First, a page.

Jose de San Martin and South American Independence

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Jose de San Martin and South American Independence  

José de San Martín (1778-1850) was an Argentine General, governor and patriot who led his 

nation during the wars of independence from Spain. He was a lifelong soldier who fought for the 

Spanish in Europe before returning to Argentina to lead the struggle for Independence. Today, he 

is revered in Argentina, Peru and Chile where he is considered among the founding fathers of 

these nations.  

José was born in Argentina the youngest son of Lieutenant Juan de San Martín, the Spanish 

governor. When José was seven years old, his father was recalled to Spain. José joined the 

Spanish army as a cadet at the young age of eleven. By seventeen he was a lieutenant and had 

seen action in North Africa and France.  Following Napoleons invasion of Spain in 1811, San 

Martin returned to Argentina - where he had not been since the age of seven – intent on joining 

the Independence movement there. 

San Martin took a prominent part in organizing Argentine troops and soon became military 

governor of the north Spanish troops in Upper Peru. In 1814 he secured the governorship of the 

province of Cuyo at the foot of the Andes. Here for 3 years he recruited and trained his Army of 

the Andes, since he believed that Argentina could not be safely independent unless Spanish 

forces were dislodged from Chile and Peru. 

In January 1817 San Martín led his army of Argentines and fugitives from Chile over the Andes 

mountains and defeated the surprised Spanish army. After having captured and occupied 

Santiago on February 15, San Martín was offered the supreme dictatorship of Chile but declined 

in favor of his friend and colleague Bernardo O'Higgins. He made Chile completely free of 

Spanish troops by May 15, 1818, and began planning for an invasion of Peru. 

In August 1820 the army of San Martín was transported toward Peru, convoyed by British 

warships. Within a year San Martín’s army was able to occupy the capital of Peru, and on July 

28, 1821, he proclaimed the independence of Peru from Spain. On August 3 he accepted the 

position of supreme protector of Peru. 

However, considerable fighting was still needed before Peruvian independence was assured,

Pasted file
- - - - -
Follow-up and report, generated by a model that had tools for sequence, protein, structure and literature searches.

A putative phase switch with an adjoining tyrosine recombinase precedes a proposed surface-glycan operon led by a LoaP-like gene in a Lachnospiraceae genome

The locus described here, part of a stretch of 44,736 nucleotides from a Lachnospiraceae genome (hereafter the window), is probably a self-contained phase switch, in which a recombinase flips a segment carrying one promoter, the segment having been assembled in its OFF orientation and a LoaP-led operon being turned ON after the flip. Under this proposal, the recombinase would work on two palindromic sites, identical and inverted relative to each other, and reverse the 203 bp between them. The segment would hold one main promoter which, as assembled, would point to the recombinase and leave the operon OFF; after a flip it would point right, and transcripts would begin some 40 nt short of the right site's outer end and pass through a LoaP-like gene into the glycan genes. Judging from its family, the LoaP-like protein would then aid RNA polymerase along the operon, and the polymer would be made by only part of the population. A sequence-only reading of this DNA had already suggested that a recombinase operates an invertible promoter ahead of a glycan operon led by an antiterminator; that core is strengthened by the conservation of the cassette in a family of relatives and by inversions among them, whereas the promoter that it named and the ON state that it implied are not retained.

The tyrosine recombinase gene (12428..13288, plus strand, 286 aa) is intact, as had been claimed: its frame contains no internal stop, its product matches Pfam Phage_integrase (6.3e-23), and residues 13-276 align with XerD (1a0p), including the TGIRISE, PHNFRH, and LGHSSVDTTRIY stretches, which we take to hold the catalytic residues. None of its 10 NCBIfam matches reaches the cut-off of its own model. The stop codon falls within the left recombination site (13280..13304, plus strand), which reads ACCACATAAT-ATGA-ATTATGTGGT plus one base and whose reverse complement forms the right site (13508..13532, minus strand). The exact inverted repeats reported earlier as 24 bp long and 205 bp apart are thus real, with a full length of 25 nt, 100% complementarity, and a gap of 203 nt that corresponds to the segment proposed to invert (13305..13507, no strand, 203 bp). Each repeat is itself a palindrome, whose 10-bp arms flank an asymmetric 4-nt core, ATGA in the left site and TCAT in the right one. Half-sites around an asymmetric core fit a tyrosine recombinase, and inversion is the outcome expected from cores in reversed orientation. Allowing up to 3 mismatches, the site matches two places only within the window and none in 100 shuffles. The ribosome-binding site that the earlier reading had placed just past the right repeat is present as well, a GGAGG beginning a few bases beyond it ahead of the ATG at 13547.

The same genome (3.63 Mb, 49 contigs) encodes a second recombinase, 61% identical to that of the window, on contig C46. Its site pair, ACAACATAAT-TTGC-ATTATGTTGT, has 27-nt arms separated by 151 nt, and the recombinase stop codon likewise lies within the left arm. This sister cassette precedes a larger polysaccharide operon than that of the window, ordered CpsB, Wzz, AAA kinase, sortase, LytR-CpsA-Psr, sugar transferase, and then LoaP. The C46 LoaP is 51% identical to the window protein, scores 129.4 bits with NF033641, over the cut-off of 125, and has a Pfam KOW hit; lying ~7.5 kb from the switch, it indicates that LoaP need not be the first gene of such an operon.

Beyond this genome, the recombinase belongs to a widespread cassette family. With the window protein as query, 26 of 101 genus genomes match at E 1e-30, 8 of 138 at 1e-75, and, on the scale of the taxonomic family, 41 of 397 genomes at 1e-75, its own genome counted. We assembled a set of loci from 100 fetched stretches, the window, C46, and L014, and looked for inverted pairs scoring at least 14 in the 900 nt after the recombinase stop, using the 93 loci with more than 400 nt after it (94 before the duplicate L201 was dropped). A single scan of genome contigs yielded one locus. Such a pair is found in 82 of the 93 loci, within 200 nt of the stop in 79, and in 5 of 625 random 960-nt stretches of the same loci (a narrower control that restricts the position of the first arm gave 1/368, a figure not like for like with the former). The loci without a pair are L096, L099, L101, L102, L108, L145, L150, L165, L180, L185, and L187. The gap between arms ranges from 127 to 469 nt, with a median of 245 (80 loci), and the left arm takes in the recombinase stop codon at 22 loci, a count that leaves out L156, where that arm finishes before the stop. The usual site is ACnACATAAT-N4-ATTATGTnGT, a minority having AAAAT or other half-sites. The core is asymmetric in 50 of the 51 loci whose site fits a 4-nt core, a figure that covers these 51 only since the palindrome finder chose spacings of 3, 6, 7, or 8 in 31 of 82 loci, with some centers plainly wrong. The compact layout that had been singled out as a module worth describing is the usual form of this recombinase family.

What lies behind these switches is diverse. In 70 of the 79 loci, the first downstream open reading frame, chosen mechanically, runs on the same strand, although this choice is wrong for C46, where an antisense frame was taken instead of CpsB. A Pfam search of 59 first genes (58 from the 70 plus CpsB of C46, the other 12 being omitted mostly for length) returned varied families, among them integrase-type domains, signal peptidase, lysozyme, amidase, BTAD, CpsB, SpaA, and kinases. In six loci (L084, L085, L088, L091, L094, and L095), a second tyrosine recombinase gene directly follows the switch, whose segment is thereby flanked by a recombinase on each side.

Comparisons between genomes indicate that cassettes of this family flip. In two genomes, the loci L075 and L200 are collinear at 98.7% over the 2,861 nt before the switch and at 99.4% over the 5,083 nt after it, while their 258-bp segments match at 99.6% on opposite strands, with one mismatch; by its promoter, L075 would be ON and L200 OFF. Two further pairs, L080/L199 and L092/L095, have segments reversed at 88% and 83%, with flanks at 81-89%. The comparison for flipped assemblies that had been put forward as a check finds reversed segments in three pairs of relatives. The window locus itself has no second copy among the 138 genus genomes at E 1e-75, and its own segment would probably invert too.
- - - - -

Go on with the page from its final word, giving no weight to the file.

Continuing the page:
since the bulk of the Spanish army had merely withdrawn into the mountains and was still a 

viable fighting force and a threat. San Martín considered that he did not have enough force to 

defeat the Spaniards and would need the aid of the armies of Simón Bolívar, who had just 

liberated the areas of Venezuela, Colombia, and Ecuador. For that purpose, San Martín and 

Bolívar met in Ecuador at a very significant meeting in the history of South America. 

San Martin and Bolivar disagreed on the best type of government to be instituted in South 

America now that the Spanish had been defeated. San Martín did not believe that the South 

Americans were ready for democracy, and he probably preferred a constitutional monarchy, 

whereas Bolívar believed, at that time, in complete democracy. San Martín left the meeting 

convinced that he and Bolivar could not work together, returned immediately to Peru, resigned 

his power and left Bolívar in undisputed leadership.  The Spanish eventually gave up all claims 

of territory in South America but over a century of political dictatordhips and economic 

instability followed in Argentina, Chile and Peru. 

The history of South America might have been very different had San Martín remained involved 

in politics: he believed that the people of Latin America needed a firm hand to lead them and was 

a proponent of establishing a monarchy in the lands he liberated.  His life was full of courageous 

decisions, from deserting the Spanish army to fight for Argentina to crossing the Andes to free 

Chile and Peru, which were not his homeland.  San Martín was an outstanding general, 

courageous leader and visionary politician and retains heroic status in the nations he liberated. 



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